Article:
The Future Awards winners spotlight: Kemi Lala Akindoju blazes the trail

It would not be inaccurate to say that more than a few people were surprised when the winner of the Actor Of The Year for the 2010 edition of The Future Awards was announced. After all, Lala Akindoju was a relatively unknown upstart, particularly in comparison to the movie stars she was nominated against, including Mercy Johnson and Nonso Diobi.

It would also not be inaccurate to say that her progress since than has proven any possible doubters wrong and underscored the deservedness of her win. Consider this; in the past year alone she has made her big screen debut in Charles Novia’s Alan Poza, worked as a casting director for the NdaniTV web series Gidi Up, and performed in the musical play, Kakadu. She was also part of a delegation of Nigerian actors who performed at the “Nigeria House” during the 2012 Olympics, starring in all three plays that were staged, as well as juggling other responsibilities in production. This is all in addition to regular — of her Open Mic theatre initiative, and her attempts to push even further her ambitions of becoming, in her own words, a “super-producer,” with her production company, Make It Happen Productions.

Akindoju got her start in the industry in 2007, with the team that started the Theatre At Terra initiative at Terra Kulture, with Wole Oguntokun, working in everything from her main goals of acting, to “managing money and people to sweeping the floors, prepping the sets, taking okadas”.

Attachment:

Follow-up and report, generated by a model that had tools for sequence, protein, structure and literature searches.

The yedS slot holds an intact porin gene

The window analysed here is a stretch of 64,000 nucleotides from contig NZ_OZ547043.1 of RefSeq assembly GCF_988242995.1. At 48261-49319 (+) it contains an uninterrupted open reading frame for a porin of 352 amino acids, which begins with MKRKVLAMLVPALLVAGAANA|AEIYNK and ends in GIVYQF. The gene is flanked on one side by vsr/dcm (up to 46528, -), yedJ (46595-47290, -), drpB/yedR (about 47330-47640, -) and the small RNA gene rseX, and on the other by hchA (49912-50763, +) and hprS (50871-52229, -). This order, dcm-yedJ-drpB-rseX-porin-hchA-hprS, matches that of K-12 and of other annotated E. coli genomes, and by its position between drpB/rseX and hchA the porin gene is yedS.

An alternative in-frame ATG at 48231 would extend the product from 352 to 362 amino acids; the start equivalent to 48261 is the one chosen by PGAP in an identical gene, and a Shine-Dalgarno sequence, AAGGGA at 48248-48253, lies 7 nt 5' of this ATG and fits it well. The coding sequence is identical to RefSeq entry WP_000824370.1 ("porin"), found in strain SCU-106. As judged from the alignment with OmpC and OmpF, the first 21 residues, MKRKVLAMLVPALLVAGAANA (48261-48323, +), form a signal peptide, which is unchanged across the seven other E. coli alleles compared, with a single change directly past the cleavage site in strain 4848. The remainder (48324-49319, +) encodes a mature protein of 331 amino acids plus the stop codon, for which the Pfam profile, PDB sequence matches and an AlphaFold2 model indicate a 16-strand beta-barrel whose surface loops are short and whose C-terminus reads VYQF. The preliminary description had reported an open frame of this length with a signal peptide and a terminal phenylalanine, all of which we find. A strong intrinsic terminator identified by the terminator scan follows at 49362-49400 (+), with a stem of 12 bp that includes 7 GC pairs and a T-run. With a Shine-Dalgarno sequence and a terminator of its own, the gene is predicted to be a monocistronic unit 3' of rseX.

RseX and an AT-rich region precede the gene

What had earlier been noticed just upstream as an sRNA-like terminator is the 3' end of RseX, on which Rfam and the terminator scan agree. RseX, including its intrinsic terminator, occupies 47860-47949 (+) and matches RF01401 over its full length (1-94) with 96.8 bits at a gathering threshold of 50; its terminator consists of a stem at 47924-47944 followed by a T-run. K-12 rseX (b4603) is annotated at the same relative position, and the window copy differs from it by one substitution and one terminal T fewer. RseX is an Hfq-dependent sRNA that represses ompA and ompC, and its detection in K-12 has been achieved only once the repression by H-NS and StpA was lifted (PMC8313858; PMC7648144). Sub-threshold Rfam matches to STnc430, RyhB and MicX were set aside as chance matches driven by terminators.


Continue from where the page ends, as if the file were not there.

Earlier this year her production company staged a set of performances of The V-Monologues, starring industry heavyweights like Bimbo Akintola, Taiwo Ajai Lycett and Dakore Akande. The shows held to rave reviews, not just for the acting talent but for the ability of whoever was behind it, to put it all together. This person, of course, was Lala, who spoke on the experience in an interview with YNaija earlier this year;

It was very tedious. Since that was my first production on that scale, asides from Open Mic theatre. I had been in talks with KIND, the NGO that owns the rights to the Nigerian franchise and they were shopping for capable hands to produce. Initially when I agreed, I did not understand what it would take from me. It was when I got into it that I realized how much work it was. Difficult because I am young, just starting out, with no staff. It is almost a month and I am still balancing accounts, still paying some money here and there which by some business accounts really isn’t so bad.

I knew I wanted a quality production, that people will see and they wont be like ‘lets excuse her, she is a first time producer’. I wanted something that would be exceptional artistically and performance wise. So hiring the actors and convincing them, I don’t even know, I guess I’ll have to thank God for that because after I convinced the director, Ifeoma Fafunwa who happens to be my acting coach, the rest sort of followed suit. I guess a lot of people saw something in me beyond the now. But I learned; how to manage people, how to draw up a media plan, how to manage resources. Friends and family helped, lots of help kept me going. I have not recovered but I am closer than where I started from.

But what’s next for Lala? Well her production company is currently working on a documentary “about icons like Onyeka Onwenu, Taiwo Ajai-Lycett.” In addition to this, she’s snagged a role in Tunde Kelani’s next film, Dazzling Mirage, and, she promises, even more stage work.

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